John Biewen with Kitty Shenay
photo by Tom Rankin
Reporter's Notebook - Hospice
By John Biewen
People ask me, "What are you working on?"
A story on the hospice movement, a historical look, I say. And I'm following a terminally ill patient.
"That must be depressing."
More than a few friends and acquaintances reacted with some variation on this theme. It might seem like a natural reaction, but it jarred me a little every time. It didn't square with the experience I was having.
Sure, on one level the very subject of death is depressing. It's the Big Bummer, the central problem of the human condition. But we already know that. Routine denial notwithstanding, we know death's coming and we've had our whole lives to get used to the idea. I couldn't see why it should be depressing to document a dying person or to explore a movement whose mission is to care for people in their last days.
Maybe my friends were thinking not of death itself but of the messy business of dying - that it would be painful to watch a person suffer through the decline of late-stage cancer. "It's not that I'm afraid to die," as Woody Allen famously put it, "I just don't want to be there when it happens." (I'd seen dying people and dead bodies before, but I'd never been present repeatedly during the process as I would be with Kitty Shenay.)
The first time I walked into Kitty Shenay's apartment and shook her hand, I was shaken. I'd faced awkward moments before in my work, approaching people and asking to document them because they were in some painful circumstance, such as poverty or prison. This, though, took that awkwardness to a new level. Kitty was frail and jaundiced. She'd been given six months to live four months ago. This woman was dying. Reporters are often called jackals. At this moment the metaphor seemed too apt.
But Kitty's strength and openness put me at ease. She had agreed readily to participate in the documentary. Kitty welcomed the chance to let more people know about hospice, she said. Several times I brought a colleague, Will Atwater, or he visited Kitty by himself to help in the recording. I asked if I could bring photographer Tom Rankin along, and she said yes without hesitation. I asked her to record an audio diary if she felt up to it, and she did so until just a couple of weeks before she died.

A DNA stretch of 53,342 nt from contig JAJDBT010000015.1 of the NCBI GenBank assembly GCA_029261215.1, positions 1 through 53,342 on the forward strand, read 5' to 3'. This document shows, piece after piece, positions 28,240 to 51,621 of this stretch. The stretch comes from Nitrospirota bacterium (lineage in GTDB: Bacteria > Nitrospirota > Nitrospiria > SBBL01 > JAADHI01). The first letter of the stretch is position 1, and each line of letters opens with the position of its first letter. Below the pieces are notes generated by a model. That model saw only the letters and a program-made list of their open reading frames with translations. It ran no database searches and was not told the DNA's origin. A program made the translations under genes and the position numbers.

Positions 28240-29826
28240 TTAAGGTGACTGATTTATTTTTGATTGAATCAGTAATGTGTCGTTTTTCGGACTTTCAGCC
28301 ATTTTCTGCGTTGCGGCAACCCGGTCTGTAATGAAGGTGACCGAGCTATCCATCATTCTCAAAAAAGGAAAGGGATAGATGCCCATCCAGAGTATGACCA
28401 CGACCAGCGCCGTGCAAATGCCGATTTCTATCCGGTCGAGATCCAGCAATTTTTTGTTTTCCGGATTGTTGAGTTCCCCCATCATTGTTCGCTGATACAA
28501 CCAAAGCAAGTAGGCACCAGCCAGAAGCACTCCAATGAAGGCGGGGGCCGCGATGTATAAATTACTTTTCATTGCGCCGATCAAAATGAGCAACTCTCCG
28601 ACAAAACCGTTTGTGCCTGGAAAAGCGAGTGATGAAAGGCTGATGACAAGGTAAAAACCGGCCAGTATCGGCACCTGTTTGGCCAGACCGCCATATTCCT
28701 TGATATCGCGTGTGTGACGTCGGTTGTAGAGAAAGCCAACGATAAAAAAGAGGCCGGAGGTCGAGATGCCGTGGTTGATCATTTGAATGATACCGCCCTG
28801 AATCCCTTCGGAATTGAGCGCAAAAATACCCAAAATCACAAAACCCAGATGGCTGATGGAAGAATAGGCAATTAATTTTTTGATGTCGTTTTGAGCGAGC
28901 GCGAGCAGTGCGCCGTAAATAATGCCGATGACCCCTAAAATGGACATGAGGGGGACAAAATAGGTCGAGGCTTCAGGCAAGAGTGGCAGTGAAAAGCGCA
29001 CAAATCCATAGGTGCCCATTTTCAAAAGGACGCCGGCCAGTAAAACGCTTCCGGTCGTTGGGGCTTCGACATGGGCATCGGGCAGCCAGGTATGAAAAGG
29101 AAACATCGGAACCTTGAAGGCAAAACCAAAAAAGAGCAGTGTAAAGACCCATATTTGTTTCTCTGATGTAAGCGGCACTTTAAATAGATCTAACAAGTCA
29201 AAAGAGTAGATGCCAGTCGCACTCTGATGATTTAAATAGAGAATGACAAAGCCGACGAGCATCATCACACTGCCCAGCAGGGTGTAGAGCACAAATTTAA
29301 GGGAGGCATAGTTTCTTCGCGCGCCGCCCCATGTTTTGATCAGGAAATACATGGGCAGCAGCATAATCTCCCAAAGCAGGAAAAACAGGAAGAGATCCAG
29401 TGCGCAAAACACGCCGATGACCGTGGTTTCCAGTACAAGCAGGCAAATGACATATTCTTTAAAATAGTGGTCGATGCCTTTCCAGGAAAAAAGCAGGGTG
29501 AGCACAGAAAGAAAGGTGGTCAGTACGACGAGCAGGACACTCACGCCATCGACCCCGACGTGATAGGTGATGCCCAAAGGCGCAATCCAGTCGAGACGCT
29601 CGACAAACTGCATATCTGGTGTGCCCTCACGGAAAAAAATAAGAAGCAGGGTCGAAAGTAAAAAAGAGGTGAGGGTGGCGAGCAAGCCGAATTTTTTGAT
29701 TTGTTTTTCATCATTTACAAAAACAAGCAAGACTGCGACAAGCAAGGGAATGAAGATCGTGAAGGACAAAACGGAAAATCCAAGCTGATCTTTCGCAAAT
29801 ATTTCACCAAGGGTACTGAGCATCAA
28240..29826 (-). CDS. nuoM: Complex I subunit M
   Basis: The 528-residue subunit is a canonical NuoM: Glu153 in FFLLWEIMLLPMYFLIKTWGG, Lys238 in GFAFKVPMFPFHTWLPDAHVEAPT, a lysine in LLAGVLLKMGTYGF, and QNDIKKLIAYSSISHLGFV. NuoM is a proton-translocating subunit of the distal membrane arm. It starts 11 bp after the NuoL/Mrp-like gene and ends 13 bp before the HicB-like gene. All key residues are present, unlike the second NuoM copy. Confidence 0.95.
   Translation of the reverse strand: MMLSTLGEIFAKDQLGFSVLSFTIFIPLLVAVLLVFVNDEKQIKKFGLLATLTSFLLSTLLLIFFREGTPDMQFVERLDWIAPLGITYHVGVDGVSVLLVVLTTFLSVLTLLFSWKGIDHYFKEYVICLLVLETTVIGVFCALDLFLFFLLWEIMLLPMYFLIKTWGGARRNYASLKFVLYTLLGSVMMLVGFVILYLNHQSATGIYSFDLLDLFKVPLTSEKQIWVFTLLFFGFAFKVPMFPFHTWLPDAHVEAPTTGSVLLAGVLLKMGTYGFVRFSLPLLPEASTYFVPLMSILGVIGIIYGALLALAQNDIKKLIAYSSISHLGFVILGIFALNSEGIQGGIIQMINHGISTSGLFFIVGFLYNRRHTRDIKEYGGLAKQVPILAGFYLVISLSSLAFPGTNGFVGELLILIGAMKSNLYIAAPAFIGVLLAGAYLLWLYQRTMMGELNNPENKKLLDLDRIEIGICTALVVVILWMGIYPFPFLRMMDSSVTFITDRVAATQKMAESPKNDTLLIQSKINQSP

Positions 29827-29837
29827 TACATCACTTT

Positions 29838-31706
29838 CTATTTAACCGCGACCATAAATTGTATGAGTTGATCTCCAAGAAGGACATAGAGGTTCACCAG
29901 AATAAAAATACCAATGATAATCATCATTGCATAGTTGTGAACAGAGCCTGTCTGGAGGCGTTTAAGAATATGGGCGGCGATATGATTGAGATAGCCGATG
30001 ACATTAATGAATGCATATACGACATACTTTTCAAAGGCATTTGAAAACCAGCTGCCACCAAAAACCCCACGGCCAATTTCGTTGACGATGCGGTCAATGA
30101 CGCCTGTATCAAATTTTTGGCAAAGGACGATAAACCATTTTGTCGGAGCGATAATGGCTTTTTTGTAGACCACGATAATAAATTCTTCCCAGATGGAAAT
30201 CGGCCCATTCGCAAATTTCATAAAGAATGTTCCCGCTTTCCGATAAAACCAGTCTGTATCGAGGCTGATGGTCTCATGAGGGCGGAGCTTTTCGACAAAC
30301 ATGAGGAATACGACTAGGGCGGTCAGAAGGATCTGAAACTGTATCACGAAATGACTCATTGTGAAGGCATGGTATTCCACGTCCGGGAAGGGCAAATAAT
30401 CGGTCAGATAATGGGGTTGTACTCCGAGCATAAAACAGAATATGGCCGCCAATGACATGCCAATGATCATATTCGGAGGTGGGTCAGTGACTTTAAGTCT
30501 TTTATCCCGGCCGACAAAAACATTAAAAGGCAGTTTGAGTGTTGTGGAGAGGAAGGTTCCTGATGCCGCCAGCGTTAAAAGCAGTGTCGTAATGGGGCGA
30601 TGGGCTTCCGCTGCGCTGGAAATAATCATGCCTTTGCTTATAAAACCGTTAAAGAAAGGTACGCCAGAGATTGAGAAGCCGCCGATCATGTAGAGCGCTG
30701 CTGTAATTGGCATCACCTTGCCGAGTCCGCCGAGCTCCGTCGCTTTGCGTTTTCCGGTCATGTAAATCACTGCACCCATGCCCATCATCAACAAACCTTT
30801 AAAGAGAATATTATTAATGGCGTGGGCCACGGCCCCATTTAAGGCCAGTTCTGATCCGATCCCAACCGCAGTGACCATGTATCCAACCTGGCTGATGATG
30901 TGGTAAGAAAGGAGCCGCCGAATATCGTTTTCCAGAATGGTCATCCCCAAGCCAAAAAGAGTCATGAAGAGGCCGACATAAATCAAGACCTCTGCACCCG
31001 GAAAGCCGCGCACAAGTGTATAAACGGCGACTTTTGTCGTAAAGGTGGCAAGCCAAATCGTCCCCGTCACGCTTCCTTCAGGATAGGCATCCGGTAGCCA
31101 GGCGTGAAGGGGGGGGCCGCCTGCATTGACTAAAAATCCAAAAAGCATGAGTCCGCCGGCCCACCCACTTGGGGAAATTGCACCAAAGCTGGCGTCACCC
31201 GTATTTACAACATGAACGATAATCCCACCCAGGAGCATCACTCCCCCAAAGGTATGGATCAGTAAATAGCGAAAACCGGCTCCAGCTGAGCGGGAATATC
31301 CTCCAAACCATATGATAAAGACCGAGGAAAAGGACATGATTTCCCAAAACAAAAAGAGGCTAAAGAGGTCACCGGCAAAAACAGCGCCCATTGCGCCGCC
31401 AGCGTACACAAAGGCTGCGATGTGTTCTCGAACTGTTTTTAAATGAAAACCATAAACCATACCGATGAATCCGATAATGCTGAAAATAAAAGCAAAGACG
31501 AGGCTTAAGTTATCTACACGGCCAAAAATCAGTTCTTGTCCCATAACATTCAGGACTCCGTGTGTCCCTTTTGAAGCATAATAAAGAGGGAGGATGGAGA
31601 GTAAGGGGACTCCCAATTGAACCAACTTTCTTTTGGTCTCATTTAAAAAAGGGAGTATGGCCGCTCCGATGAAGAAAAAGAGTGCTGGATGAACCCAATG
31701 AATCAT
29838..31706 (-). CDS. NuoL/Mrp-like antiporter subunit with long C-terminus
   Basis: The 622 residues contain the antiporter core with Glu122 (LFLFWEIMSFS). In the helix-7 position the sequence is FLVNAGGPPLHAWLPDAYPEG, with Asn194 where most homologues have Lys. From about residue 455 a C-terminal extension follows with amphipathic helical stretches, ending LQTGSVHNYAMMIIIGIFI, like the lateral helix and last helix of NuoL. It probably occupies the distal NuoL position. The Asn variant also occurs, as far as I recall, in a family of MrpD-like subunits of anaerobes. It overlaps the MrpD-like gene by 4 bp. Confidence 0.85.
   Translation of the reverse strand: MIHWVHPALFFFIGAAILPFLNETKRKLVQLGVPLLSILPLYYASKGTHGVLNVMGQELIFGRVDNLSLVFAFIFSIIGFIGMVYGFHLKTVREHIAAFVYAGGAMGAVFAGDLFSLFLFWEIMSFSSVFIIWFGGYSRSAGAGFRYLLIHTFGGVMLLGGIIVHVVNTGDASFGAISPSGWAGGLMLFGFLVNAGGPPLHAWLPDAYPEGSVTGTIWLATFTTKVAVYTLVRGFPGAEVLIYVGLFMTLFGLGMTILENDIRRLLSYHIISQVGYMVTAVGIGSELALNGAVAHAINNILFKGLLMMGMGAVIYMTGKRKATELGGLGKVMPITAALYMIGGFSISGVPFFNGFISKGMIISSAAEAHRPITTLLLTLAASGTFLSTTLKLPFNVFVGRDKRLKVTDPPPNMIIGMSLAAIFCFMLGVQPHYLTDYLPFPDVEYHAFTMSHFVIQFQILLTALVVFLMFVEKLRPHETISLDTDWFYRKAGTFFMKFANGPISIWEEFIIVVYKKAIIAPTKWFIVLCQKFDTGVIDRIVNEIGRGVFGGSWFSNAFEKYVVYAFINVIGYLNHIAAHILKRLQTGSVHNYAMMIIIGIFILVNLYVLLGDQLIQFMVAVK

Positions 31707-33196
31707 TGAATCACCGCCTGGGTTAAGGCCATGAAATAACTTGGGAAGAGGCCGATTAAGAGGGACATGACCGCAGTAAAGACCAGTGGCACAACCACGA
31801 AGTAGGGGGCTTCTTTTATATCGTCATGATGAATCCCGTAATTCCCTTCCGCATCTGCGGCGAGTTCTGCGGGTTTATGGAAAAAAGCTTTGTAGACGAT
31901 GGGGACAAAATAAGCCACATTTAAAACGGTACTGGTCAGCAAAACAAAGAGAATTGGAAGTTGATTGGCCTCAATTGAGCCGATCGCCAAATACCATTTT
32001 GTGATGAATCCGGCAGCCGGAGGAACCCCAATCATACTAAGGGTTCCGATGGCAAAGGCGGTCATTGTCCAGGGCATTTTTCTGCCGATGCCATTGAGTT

What really transformed the experience, though, was Kitty's personal warmth. She seemed to take a shine to me, and the feeling was mutual. The third time I saw her, at the family's reunion in Fayetteville, I was sitting at a small table in her granddaughter's kitchen, talking with Kitty's relatives. She came in, sat down beside me and thanked me for coming. Then she took my hand in hers and didn't let go. There we sat, she holding my hand as we chatted as though I were a favorite nephew. We talked college basketball and the pleasures of summer in Minnesota, where she'd vacationed several times. She made sure that I got a piece of her marvelous pound cake.
I saw Kitty Shenay about once a week for the last two months of her life. The experience was poignant. Towards the end it was disturbing, even shocking. One day she was frail but fully present and sharp-witted, days later she'd become a near corpse, unconscious and struggling for her last breaths. And, indeed, a few hours after that I looked upon her actual corpse.
It was emotional. I wiped away tears several times in Kitty's presence, and many more times while listening back to her tender moments with her daughters and with her nurse, Roland Siverson.
But depressing? No. In fact, I found the experience curiously uplifting.
Hospice workers and volunteers will know what I'm talking about. Their work is not for everyone. Some people get too attached to their patients, get worn down by the relentless losses and need to find another job. But many hospice nurses, doctors, social workers, chaplains and volunteers talk about their work with dying people as a privilege.
"I'm surprised that there aren't more nurses that are just chomping at the bit to get into hospice," Roland Siverson told me. "Because it's so interesting and it's so fulfilling, and we have the opportunity to work with people, not just feed them their meds and get on down the road, but to actually spend some time and develop that relationship with patients. Those of us who are in it, we love it."
I feel that way about my work documenting the lives of "ordinary" people, often as they face hard challenges. I'm moved by the quiet heroism people show. I'm unendingly grateful to those who share their stories, who allow me to hang around with my tape recorder. Doing such work is an enormous privilege, one I've never felt more acutely than I did with Kitty Shenay.
We're all going to die. The question is, until then, how will we live? Kitty spent her last months doing the things she loved with the people she loved. She endured pain and discomfort as her body broke down, but nothing overwhelming, thanks to modern pain medications. And in her last days, the people surrounding her, her family and her hospice caregivers, were determined to treat her with dignity, tender care, and love. And that's exactly what they did.
To observe this was not depressing. It was beautiful.
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